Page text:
A writ of mandate will lie only 'to compel the performance of an act which the law specially enjoins, as a duty resulting from an office, trust, or station; . . .' (Code Civ.Proc., § 1085.) More particularly, 'Two basic requirements are essential to the issuance of the writ: (1) A clear, present and usually ministerial duty upon the part of the respondent (citations); and (2) a clear, present and beneficial right in the petitioner to the performance of that duty (citation).' (People ex rel. Younger v. County of El Dorado (1971) 5 Cal.3d 480, 491, 96 Cal.Rptr. 553, 559, 487 P.2d 1193, 1199.) Inasmuch as plaintiff fails to satisfy the first of these requirements, we need not reach the second.

Plaintiff points to no statute or ordinance--and we have found none--which imposes on respondent presiding judge of the municipal court or on either of respondent police officials 'a duty resulting from (his) office' to comply with plaintiff's demand for erasure or return of the record of his arrest. On the contrary, such an act appears to be forbidden by Government Code section 6200, which provides in pertinent part that 'Every officer having the custody of any record . . . or of any paper or proceeding of any court, filed or deposited in any public office, or placed in his hands for any purpose, who is guilty of . . . wilfully destroying, mutilating, defacing, altering or falsifying, removing or secreting the whole or any part of such record, . . . paper, or proceeding, or who permits any other person to do so,' is punishable by a prison term of up to 14 years. An arrest record is clearly a document which may properly be kept by a public officer in the discharge of his duties, and hence is within the scope of the statute. (See People v. Pearson (1952) 111 Cal.App.2d 9, 31, 244 P.2d 35.) And inasmuch as no showing of specific [17 Cal.3d 864] intent is required by the statute, an officer who knowingly removes or destroys such a document is punishable even though he acts without a criminal purpose. (Id. at p. 18, 244 P.2d 35; accord, People v. O'Brien (1892) 96 Cal. 171, 175--179, 31 P. 45; People v. Tomalty (1910) 14 Cal.App. 224, 229--230, 111 P. 513.)

Lacking legislative authority, plaintiff turns to two broad constitutional provisions. He asserts that official retention and dissemination of his arrest record violates his right of privacy (Cal.Const., art. I, § 1) and deprives him of due process of law (Cal.Const., art. I, § 7, subd. (a); U.S.Const., 5th & 14th Amends.). He notes that each of the respondents took an oath to uphold the federal and state Constitutions, and he concludes that each therefore has a clear and present duty resulting from his office to prevent the claimed violations. As will appear, the constitutional premises of the argument are faulty.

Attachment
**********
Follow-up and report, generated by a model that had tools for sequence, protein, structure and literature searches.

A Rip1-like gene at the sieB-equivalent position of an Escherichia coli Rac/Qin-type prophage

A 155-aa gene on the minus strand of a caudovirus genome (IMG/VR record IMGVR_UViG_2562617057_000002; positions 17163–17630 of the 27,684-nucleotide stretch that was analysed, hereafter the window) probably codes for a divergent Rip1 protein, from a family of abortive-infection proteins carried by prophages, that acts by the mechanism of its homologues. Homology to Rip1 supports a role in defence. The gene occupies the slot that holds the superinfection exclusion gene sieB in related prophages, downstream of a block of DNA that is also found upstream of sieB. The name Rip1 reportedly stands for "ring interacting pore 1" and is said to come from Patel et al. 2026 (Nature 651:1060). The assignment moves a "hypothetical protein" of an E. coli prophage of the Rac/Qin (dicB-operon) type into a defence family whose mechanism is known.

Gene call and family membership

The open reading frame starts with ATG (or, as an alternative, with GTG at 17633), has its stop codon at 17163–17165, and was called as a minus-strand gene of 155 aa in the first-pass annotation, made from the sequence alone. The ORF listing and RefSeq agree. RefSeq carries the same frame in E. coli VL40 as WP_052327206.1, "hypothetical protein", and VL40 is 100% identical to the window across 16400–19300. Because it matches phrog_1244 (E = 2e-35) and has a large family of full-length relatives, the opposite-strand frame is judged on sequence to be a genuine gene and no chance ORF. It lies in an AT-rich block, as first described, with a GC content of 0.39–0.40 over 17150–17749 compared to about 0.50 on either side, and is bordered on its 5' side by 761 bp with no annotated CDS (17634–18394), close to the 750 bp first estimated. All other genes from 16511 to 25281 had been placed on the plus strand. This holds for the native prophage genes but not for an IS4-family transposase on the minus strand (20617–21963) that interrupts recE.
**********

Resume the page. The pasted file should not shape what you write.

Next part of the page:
Page 468

[553 P.2d 628] The right of privacy added to the California Constitution by a 1972 amendment of article I, section 1, is not absolute. In White v. Davis (1975) 13 Cal.3d 757, 775, 120 Cal.Rptr. 94, 106, 533 P.2d 222, 234, we observed that 'the amendment does not purport to prohibit all incursion into individual privacy but rather that any such intervention must be justified by a compelling interest.' For example, in County of Nevada v. MacMillen (1974) 11 Cal.3d 662, 672, 114 Cal.Rptr. 345, 351, 522 P.2d 1345, 1351, we held that the right of privacy does not prevail over 'the right of the public to an honest and impartial government,' as implemented by legislation requiring a variety of public officials and candidates to disclose their financial interests. (Gov.Code, § 3600 et seq.)

In the case at bar respondents assert a similar compelling interest in limited retention and dissemination of arrest records. The interest may be characterized generally as the promotion of more efficient law enforcement and criminal justice; more specifically, the state's purpose is to protect the public from recidivist offenders.

This interest is manifested at a number of stages of the criminal process. First, at the time of arrest the suspect's right of privacy is obviously outweighed by the necessity of identifying him correctly, and does not give him the right to refuse to disclose his name and address to the arresting officer. Not only may such information be taken down, it may be immediately put to use: the officer may transmit the data to his headquarters in order to determine whether the arrestee is wanted on [17 Cal.3d 865] any other charge or is a fugitive, or whether he presents a threat to the officer's safety. If the arrestee is thereafter transported to the police station and booked, the identification process may lawfully extend to taking his fingerprints and photograph, and recording his vital statistics. (See Pen.Code, § 7, subd. 21.)